17. In his written submissions, the Registrant has expressed regret that he had accepted the Police Caution, where he describes himself as a ‘sacrificial lamb’ rather than having fully reflected as to the damaging impact of his actions on the public trust in the paramedic profession. The Panel considered that the overriding concerns in this case are openness and candour and that the key issue is one of integrity. The Panel was not satisfied that the Registrant had demonstrated sufficient insight. His regret is equivocal, rooted in the fact that he accepted the Police Caution rather than the impact on his profession. The Registrant’s written submissions are inconsistent throughout and weighted more towards the effect on him rather than the public and his profession. In doing so, he has not sufficiently addressed the key point of integrity in his submissions or his testimonials.
18. For these reasons, the Panel concluded that the Registrant’s fitness to practise remains impaired by reason of his Police Caution.
19. The Panel next considered what, if any, sanction was appropriate and proportionate. It had regard to the Sanctions Policy and to the general purpose of sanctions which is not to punish the Registrant but to protect the public and uphold proper standards of conduct and behaviour.
20. The Panel considered each available sanction in ascending order of seriousness. Taking no action or imposing a Caution Order would be wholly inappropriate and would not protect the public. The Panel was unable to formulate appropriate conditions of practice, given that the nature of the case involves a Police Caution for theft; does not involve any clinical concerns and there remains a risk of repetition. Further, conditions of practice would not be workable, appropriate or proportionate in this case.
21. The Registrant has developed some insight into his past failings, albeit this is incomplete. The Panel considered that a further period of suspension could provide the Registrant time for further reflection and to demonstrate meaningful insight and remediation. It would also mark the seriousness of the Police Caution while protecting the public and upholding public confidence in the profession.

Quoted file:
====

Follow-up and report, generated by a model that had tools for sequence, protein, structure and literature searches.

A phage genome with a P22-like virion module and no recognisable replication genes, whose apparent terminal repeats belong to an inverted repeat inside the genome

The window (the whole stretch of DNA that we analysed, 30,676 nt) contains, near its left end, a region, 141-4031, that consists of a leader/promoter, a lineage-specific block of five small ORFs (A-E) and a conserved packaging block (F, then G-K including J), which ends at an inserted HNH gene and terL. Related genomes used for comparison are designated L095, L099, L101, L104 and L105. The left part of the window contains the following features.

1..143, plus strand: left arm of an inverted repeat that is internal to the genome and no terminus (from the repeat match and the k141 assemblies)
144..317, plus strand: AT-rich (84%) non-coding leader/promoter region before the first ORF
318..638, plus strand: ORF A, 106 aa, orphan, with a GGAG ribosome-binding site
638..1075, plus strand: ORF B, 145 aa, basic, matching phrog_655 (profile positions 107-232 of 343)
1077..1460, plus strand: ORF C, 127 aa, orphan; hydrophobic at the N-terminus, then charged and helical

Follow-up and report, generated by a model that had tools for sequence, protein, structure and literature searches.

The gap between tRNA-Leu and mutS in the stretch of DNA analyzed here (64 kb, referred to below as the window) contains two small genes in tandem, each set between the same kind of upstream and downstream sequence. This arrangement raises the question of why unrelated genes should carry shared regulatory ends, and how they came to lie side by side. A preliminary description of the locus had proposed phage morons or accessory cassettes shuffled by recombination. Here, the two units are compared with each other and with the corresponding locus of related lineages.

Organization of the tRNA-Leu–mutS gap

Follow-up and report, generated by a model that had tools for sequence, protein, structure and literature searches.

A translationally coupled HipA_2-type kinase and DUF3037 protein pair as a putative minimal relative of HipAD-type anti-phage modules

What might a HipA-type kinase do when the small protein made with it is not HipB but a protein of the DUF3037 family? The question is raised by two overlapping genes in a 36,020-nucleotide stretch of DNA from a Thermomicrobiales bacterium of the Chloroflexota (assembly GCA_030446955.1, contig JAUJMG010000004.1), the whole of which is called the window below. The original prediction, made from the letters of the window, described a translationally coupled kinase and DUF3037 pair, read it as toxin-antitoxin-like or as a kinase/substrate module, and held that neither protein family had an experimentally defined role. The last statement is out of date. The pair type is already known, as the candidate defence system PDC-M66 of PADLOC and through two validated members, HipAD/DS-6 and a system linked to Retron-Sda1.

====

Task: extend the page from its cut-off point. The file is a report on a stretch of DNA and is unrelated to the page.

22. Accordingly, the Panel determined to impose a Suspension Order for a further period of 6 months from the expiry of the current order, so as to enable a period of further reflection to provide further evidence to enable him to demonstrate that the further suspended period has been effective.
23. The Panel considered striking off would be disproportionate at this stage given the Registrant’s developing insight and engagement with the regulatory process.
24. The reviewing panel would be assisted by the following:
• The Registrant’s attendance at the review hearing;
• Evidence that the Registrant has completed a face to face course which encompasses honesty, ethics and professionalism;
• Evidence that the Registrant has worked with a personal mentor/coach with whom he has established and maintained a developmental log/record which should cover his Continuing Professional and Personal Development and comment on the impact of the Police Caution on the public and his profession.
• Evidence that the Registrant has specifically addressed the relevant Standards in particular, Standard 9 of the HCPC Standards of conduct, performance and ethics which requires all registrants to be honest and trustworthy, and Standard 9.1 which requires all registrants to justify the public’s trust in them and not to do anything which diminishes that trust or public confidence in their profession.
That the Registrar is directed to suspend the name of Mr Michael C Penney from the Register for a further period of 6 months from the date that the current order expires.
This order will be reviewed again before its expiry on 27 June 2020.
History of Hearings for Mr Michael C Penney
|Date||Panel||Hearing type||Outcomes / Status|
|26/05/2021||Conduct and Competence Committee||Review Hearing||Struck off|
|28/05/2020||Conduct and Competence Committee||Review Hearing||Suspended|
|26/11/2019||Conduct and Competence Committee||Review Hearing||Suspended|
|28/05/2019||Conduct and Competence Committee||Final Hearing||Suspended|
|23/10/2018||Conduct and Competence Committee||Final Hearing||Adjourned|